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What I'd like to hear our leaders say about Haiti

They've been on their best behaviour since the devastating earthquake hit, as Susan Riley notes in a fine column in today's Citizen. However, being a veteran Ottawa political observer, Ms. Riley also notes that "the current mood of non-partisan concern … won't last forever."

But where is it written that our political leaders must revert from the current mood of non-partisan concern to the boilerplate nostrums of their respective political parties?


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And, in my dreams, here's what I'd like to hear them say.

Stephen Harper: As in the past, we are again seeing that the men and women who serve in the Canadian Forces - often in very difficult circumstances - are our first line of defence in times of crisis. In order to ensure that Canadians will always be able to take pride in the Forces, I have decided to accept the opposition motion adopted by the House of on December 1, 2009, which called for "a Public Inquiry into the transfer of detainees in Canadian custody to Afghan authorities from 2001 to 2009."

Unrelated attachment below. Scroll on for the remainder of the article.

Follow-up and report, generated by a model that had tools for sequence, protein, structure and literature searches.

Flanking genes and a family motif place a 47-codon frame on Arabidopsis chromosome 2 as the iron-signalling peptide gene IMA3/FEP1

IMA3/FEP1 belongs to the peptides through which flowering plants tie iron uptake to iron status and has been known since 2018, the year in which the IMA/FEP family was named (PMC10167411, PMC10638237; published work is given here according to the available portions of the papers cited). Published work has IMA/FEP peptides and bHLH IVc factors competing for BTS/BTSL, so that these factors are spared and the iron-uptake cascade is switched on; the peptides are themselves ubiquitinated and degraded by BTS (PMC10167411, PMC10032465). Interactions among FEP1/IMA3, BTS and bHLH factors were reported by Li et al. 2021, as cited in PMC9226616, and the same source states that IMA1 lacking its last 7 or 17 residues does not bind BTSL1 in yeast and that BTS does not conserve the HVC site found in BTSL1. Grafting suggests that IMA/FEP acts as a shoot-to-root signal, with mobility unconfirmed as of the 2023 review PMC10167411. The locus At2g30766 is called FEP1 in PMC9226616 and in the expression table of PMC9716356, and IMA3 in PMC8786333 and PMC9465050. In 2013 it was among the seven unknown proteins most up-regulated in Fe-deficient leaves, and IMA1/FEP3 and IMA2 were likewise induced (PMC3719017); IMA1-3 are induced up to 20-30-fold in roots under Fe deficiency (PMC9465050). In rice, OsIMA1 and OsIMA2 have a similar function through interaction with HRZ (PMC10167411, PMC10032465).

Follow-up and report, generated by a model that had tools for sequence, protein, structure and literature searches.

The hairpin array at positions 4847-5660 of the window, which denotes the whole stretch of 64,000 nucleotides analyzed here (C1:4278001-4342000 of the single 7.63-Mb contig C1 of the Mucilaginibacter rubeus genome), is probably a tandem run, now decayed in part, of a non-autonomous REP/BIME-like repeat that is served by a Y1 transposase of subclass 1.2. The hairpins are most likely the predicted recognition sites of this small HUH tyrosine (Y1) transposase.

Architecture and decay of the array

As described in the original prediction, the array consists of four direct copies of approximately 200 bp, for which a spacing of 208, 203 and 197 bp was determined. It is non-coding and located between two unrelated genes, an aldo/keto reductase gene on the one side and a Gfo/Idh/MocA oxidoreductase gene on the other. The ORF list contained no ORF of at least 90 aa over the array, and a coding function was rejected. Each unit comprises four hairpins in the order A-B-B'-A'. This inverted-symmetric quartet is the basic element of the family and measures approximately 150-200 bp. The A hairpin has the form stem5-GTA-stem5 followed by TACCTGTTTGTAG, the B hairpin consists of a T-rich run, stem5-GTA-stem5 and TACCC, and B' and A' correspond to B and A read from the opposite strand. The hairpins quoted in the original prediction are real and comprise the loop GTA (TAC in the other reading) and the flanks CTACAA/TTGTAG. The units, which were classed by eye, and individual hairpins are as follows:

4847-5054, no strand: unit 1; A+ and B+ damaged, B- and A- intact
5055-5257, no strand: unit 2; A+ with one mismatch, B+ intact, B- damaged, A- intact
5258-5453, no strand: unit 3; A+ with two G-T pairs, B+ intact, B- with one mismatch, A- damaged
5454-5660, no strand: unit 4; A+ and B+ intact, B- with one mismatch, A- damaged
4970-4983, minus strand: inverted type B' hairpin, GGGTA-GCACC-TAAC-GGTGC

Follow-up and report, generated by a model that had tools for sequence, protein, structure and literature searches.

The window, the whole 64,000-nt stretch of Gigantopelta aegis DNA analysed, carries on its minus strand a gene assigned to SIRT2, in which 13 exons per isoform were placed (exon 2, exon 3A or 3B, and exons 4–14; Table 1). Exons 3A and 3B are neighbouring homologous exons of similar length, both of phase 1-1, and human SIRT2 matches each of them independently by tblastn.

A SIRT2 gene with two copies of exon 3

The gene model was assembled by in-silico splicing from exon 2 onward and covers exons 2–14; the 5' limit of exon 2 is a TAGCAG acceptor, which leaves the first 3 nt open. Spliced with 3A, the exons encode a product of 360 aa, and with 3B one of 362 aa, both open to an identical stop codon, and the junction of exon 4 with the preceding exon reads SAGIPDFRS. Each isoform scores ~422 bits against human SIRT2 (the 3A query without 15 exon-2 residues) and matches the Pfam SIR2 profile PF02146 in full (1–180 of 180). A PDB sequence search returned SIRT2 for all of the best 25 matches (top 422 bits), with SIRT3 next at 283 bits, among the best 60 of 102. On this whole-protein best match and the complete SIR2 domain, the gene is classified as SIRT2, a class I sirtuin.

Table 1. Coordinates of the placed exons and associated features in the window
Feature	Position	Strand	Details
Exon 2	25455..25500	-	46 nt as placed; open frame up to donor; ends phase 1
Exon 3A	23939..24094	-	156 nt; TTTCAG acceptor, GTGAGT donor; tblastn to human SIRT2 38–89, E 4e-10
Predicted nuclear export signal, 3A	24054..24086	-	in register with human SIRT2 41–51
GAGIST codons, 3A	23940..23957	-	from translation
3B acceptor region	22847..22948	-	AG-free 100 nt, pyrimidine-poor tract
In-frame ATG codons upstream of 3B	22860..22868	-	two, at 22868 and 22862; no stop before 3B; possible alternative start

Michael Ignatieff: As I've stated from the beginning of this crisis, this is a time for national solidarity, not political gamesmanship. Sadly, one member of the Liberal caucus failed to meet this standard; while he subsequently reversed his position, I no longer have confidence in him serving as the defence critic for the Official Opposition and shall be naming a replacement when the new session of Parliament begins.

Gilles Duceppe: Yesterday, I wrote to Prime Minister Stephen Harper urging him to show leadership in devising a Marshall Plan for Haiti. Today, I am calling on Prime Minister Jean Charest - who has yet to announce any funding - to match the federal government's contributions to relief efforts in Haiti.

Jack Layton: Today, our consumer protection critic, Glenn Thibeault, called on Canadian credit card companies to waive fees on Haiti donations. I heartily endorse this invitation, and am also calling on all members of my caucus, and all New Democrats, to read this column by David Brooks in The New York Times.

(Photo: Soldiers guard a Canadian Forces plane upon its arrival in Port-au-Prince yesterday. Peter Power/The Globe and Mail)

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